Metro Weekly

Evita's Closet

GALA Hispanic digs up Eva Peron's mummified past

Did you know Eva Peron’s corpse was perfectly preserved? Or that her mummy was lost for years?

”I just knew part of her story before she died, and that Madonna played her,” admits Sebastián Vitale, one of nine actors currently starring in the musical comedy Momia en el Closet, now in its world premiere at GALA Hispanic Theatre. Martin Ruiz, another actor from Argentina and part of the ensemble cast, was also unaware of the sordid story after Evita’s death.

”But anything’s possible in Argentina,” laughs Ruiz.

Vitale and Ruiz
Vitale and Ruiz

Commissioned by GALA from Mariano Vales and Gustavo Ott, the musical takes some creative license in retelling Evita’s afterlife on Earth. But its dark humor is largely based on fact. Vitale and Ruiz, both established musical-theater actors in Buenos Aires, and both gay, anticipate the show will be controversial once it goes home, probably later this year.

”Evita is like a goddess in Argentina, and there’s certain stuff that some people won’t like,” says Ruiz. For example, the musical includes a scene in which a general from the anti-Peronista military dictatorship, which came to power after Peron’s death, simulates sex with the mummy. Ruiz notes that the playwright Ott did research proving the incident’s veracity, but that won’t make it any easier for Evita’s subjects to take.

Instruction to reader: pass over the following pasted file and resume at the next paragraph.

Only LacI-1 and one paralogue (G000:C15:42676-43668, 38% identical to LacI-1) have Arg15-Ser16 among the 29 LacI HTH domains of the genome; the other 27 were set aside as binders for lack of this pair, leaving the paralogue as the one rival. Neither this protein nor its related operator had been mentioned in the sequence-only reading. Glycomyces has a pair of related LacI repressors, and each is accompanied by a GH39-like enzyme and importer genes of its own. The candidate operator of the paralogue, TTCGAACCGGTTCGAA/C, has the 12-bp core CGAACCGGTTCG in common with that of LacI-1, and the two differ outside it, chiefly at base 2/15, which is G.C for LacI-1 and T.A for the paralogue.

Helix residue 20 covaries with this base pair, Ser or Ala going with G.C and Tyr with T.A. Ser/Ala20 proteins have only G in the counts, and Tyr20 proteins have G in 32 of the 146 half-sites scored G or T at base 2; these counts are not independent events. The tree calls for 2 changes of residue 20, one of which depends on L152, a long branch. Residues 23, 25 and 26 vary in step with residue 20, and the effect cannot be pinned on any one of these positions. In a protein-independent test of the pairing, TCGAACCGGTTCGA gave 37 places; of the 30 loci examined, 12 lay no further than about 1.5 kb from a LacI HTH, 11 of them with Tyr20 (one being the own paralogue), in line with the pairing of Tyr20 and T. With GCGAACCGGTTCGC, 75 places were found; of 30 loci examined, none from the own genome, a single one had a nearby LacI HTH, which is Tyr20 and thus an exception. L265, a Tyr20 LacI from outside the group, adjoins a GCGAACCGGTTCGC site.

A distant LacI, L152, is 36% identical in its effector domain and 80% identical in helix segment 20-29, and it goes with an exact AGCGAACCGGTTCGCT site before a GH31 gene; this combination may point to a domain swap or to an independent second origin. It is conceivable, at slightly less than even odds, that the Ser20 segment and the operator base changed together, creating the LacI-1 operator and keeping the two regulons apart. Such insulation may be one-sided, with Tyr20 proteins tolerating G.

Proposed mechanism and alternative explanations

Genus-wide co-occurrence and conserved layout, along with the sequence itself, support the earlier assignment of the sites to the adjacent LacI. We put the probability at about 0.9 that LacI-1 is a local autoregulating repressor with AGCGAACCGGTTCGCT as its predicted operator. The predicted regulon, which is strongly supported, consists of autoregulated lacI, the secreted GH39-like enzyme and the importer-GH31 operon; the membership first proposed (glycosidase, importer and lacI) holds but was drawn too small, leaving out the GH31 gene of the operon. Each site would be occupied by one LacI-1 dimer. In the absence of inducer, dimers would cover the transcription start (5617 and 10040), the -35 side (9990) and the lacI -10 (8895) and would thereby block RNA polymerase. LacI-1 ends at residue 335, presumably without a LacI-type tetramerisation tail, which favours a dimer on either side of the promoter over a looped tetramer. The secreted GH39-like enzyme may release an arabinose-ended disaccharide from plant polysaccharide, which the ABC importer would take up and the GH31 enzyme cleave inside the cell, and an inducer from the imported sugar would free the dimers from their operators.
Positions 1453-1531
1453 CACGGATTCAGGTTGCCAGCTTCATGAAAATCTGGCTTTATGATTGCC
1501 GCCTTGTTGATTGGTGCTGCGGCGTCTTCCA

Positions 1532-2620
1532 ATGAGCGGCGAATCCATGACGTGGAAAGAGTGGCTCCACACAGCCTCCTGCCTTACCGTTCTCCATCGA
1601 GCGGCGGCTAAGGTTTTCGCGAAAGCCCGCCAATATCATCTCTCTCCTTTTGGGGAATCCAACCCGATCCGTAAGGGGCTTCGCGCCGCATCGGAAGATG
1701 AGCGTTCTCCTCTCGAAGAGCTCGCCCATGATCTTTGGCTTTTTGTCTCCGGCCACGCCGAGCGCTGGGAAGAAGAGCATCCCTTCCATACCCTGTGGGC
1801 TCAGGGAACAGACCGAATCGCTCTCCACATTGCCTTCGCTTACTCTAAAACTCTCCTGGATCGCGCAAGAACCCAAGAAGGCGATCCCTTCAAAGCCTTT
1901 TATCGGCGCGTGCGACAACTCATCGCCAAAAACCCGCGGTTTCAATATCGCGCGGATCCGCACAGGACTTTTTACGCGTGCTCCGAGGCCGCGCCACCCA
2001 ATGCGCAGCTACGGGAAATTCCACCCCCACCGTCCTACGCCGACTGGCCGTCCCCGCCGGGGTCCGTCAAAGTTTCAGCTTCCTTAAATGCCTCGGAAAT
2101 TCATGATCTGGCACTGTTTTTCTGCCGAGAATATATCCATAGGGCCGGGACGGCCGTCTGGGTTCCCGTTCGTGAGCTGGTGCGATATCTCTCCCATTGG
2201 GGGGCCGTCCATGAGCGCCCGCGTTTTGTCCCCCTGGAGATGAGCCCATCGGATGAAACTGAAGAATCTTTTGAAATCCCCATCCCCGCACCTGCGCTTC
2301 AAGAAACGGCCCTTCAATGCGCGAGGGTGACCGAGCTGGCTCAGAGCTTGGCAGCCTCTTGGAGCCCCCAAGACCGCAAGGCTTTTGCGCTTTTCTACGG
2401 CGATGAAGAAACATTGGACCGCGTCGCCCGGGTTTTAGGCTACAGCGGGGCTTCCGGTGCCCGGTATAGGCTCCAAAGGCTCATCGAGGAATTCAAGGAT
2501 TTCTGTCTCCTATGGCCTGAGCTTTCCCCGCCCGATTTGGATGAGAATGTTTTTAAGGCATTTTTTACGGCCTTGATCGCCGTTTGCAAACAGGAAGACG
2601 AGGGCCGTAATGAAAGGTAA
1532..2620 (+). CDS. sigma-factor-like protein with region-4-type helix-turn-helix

”It’s nothing like you’ve ever seen before about Evita,” says Ruiz. Ruiz and Vitale play multiple roles in the show, with Vitale also serving as the production’s dance captain. (He’s also preparing to release a debut pop album in Argentina later this year.)

”It’s been a lot of work,” Vitale says. ”But it’s a very fun show.”

And forget the history lessons included. Vitale laughs as he sums up the show’s real appeal. ”There’s singing, dancing and acting — gay people love that!”

Momia en el Closet: The Return of Eva Peron runs through June 28 at GALA Hispanic Theatre at Tivoli Square, 3333 14th St. NW. In Spanish with English surtitles. Tickets are $34 to $38. Call 80-494-8497 or visit

Doug Rule covers the arts, theater, music, food, nightlife and culture as contributing editor for Metro Weekly.